Importantly, in a year when most of Texas' private prison contracts are up for renewal and costs are likely to increase, "The Department did not maintain documentation to justify its decision to renew provider contracts." That seems like a pretty big deal, especially since TDCJ responded that it agreed with the critique. Specifically,
For the contract renewals for 16 providers that auditors reviewed, the supporting documentation showed that the Department based its contract renewal decisions on management’s review and approval of the requests to renew a contract, and it did not include specific information or factors related to a provider’s contract compliance or performance history. ...And since they didn't gather the information in the first place, now that the contracts are up for renewal there's no way to go back and fill that gap.
The lack of established performance-based criteria in the Department’s contract renewal process increases the risk that the Department may renew a contract with a provider that is operating facilities or programs with a history of poor performance.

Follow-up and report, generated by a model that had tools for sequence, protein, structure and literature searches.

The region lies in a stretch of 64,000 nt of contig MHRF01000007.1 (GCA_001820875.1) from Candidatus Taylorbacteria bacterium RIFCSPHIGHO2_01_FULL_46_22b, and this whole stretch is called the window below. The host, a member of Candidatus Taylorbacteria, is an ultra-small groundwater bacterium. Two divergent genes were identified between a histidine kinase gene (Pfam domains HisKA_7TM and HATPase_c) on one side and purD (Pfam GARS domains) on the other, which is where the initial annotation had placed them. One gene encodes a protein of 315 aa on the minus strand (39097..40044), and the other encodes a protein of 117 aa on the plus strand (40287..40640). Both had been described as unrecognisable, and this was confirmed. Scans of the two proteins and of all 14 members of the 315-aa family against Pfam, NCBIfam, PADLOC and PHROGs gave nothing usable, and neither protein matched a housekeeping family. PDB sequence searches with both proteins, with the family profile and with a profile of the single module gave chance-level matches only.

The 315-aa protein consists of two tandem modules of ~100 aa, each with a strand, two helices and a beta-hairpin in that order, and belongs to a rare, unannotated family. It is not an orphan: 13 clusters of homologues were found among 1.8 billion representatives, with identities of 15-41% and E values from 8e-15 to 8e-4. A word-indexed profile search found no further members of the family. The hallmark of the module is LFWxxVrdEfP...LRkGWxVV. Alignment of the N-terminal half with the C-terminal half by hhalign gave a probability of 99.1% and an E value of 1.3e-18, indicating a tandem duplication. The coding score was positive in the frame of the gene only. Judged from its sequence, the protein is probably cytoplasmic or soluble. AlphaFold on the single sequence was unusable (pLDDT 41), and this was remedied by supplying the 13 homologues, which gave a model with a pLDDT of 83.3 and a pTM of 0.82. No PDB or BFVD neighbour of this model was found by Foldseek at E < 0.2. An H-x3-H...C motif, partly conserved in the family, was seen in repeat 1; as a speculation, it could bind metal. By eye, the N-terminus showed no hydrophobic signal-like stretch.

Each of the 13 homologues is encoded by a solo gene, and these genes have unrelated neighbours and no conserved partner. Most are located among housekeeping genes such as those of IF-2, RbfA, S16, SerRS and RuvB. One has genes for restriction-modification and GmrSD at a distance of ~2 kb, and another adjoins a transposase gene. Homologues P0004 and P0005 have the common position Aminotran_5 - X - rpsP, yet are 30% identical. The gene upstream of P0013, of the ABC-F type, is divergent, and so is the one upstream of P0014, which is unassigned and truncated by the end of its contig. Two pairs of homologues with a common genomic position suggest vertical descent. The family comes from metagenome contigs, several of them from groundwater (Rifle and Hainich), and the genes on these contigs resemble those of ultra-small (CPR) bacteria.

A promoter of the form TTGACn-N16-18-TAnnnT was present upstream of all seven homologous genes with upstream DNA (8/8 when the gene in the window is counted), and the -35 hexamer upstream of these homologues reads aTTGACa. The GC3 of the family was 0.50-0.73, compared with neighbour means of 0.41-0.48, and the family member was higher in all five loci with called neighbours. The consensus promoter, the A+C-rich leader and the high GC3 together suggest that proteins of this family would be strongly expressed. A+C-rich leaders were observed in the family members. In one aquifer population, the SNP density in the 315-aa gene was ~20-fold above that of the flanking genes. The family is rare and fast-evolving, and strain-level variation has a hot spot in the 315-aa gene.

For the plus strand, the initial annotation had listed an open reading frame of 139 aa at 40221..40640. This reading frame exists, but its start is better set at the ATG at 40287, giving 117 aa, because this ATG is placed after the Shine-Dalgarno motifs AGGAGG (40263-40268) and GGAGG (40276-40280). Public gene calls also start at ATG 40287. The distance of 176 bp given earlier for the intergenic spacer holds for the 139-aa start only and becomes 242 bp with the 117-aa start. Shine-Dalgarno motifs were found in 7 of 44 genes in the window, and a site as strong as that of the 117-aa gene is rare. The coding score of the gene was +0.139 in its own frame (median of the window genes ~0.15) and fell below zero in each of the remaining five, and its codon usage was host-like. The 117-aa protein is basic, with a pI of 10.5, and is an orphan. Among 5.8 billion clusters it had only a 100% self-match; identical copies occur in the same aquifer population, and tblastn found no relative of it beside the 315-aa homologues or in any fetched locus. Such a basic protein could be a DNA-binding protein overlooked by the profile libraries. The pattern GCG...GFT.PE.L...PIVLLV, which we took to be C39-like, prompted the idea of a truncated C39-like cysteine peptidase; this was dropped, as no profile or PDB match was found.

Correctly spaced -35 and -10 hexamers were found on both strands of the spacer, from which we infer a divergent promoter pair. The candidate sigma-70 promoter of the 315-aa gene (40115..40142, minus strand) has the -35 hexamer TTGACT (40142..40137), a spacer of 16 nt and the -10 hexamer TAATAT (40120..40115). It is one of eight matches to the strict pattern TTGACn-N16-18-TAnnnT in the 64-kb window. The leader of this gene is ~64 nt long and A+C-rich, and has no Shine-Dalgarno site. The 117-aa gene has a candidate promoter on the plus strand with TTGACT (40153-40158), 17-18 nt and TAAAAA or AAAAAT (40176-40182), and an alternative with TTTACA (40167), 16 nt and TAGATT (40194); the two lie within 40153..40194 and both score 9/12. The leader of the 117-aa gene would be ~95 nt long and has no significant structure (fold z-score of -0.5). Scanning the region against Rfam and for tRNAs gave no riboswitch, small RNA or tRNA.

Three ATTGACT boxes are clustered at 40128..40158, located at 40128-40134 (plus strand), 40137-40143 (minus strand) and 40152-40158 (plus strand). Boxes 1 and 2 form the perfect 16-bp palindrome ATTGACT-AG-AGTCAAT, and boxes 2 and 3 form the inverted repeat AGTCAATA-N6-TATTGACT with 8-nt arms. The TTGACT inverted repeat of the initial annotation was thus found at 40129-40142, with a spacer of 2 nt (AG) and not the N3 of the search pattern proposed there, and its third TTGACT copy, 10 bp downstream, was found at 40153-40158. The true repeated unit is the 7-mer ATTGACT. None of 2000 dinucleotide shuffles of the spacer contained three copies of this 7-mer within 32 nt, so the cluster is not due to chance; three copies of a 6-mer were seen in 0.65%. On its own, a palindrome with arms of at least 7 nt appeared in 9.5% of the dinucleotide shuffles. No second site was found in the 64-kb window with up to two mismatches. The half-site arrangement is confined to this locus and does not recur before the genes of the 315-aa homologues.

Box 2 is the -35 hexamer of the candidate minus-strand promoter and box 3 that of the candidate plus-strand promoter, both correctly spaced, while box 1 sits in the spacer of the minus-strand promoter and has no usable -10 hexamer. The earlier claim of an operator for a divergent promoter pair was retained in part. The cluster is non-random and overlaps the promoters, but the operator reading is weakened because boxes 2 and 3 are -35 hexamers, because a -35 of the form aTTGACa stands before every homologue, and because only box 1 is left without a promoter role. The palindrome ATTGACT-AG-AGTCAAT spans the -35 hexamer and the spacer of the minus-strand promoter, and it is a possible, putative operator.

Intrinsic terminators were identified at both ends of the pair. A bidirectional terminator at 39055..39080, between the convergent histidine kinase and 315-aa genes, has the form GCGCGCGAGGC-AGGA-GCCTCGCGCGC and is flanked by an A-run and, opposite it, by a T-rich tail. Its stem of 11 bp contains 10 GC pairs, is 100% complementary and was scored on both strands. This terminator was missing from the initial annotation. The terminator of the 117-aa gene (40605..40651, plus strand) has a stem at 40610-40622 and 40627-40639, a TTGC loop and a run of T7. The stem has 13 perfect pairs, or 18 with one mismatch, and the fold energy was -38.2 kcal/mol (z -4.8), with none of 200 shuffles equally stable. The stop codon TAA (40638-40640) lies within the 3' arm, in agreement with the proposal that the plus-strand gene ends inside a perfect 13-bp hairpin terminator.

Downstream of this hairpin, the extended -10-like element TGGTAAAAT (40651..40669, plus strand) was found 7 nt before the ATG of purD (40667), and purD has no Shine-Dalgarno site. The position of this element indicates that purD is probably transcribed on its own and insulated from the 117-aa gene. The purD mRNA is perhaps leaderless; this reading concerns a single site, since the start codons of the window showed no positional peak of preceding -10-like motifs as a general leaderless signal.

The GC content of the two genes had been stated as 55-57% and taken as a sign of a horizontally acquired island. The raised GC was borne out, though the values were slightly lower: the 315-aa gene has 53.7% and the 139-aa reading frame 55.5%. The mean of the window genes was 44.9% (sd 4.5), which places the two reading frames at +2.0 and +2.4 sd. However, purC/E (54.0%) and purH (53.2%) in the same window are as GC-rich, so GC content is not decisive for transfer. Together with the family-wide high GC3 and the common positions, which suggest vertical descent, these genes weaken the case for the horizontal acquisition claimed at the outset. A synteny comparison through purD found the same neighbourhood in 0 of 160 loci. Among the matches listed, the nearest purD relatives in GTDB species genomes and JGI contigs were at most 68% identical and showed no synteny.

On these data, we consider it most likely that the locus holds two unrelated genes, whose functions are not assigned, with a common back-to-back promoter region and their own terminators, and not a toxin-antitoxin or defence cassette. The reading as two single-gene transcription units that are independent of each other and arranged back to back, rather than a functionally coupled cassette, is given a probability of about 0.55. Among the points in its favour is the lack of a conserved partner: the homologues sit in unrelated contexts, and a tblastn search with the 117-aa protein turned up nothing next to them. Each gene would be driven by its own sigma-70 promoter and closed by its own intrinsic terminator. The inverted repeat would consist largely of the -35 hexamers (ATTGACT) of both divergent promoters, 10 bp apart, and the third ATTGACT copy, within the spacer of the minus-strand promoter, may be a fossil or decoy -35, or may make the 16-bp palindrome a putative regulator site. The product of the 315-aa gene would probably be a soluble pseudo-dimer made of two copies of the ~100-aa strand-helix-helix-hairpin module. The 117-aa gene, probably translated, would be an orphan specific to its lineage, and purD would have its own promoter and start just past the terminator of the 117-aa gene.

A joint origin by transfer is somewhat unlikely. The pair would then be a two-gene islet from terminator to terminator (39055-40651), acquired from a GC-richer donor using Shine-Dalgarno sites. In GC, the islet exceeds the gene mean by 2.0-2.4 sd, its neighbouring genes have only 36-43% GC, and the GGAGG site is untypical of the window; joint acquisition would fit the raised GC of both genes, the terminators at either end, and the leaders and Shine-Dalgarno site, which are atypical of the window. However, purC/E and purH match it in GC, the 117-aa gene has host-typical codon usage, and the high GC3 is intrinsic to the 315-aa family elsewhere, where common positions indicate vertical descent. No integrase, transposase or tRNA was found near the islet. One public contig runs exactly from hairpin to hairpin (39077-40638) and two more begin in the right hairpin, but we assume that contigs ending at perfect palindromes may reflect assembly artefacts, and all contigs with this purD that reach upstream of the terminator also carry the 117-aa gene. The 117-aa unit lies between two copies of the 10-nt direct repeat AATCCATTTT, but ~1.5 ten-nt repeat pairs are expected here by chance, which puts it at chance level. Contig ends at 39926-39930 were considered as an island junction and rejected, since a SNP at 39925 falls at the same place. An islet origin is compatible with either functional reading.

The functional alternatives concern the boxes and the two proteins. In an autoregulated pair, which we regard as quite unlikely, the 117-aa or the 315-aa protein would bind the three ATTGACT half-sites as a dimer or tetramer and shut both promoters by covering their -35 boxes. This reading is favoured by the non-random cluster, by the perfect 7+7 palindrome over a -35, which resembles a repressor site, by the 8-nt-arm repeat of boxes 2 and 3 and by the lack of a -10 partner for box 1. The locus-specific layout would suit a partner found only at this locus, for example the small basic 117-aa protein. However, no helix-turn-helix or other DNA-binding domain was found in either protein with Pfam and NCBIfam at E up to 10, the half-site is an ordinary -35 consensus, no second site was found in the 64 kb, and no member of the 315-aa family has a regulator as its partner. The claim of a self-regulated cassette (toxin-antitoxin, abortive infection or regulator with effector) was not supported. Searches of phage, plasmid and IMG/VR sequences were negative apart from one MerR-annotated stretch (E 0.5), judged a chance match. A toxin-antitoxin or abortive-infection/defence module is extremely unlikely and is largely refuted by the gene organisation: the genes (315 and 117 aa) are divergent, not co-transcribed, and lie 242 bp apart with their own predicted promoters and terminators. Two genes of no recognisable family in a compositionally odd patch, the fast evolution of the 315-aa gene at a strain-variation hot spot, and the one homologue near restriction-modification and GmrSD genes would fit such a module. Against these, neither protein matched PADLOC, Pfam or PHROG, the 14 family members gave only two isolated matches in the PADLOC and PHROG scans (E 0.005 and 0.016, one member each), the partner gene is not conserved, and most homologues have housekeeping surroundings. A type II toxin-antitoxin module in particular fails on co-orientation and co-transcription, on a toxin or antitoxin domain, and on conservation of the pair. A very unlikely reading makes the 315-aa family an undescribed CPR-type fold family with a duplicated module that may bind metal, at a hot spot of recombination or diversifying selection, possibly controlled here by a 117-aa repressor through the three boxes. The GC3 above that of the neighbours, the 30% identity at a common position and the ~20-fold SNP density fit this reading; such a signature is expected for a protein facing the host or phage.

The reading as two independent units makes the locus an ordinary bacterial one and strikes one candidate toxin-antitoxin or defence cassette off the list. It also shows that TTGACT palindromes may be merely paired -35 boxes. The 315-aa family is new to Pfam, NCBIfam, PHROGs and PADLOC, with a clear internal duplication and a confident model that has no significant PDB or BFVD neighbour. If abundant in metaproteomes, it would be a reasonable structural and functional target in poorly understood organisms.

It's also not clear, according to the audit, who is overseeing which parts of these contracts at TDCJ and whether their efforts are coordinated well enough:
The Department did not clearly define the roles and responsibilities of its three divisions that oversee providers that operate substance abuse treatment programs.That's too many cooks hovering over the stew pot, none of whom appear to be engaging in data-driven analyses of contract compliance.
Although the [Private Facilities Contract Monitoring and Oversight] Division is recognized by the Department as the contract monitoring entity over substance abuse treatment program providers, the Division’s role is limited to monitoring a provider’s compliance to certain contract requirements. The Rehabilitation Programs Division and the Parole Division are responsible for monitoring the quality of the substance abuse treatment programs. However, the monitoring relationships among the divisions are not defined and documented to ensure that the monitoring activities are efficiently coordinated and communicated among the divisions.
This report provides further fodder for my contention that TDCJ should decline to renew some of these private contracts in light of declining prisoner numbers and the current budget crisis - they're going to cost more and TDCJ apparently doesn't know what they're getting for the money.
Hat tip: Texas Watchdog.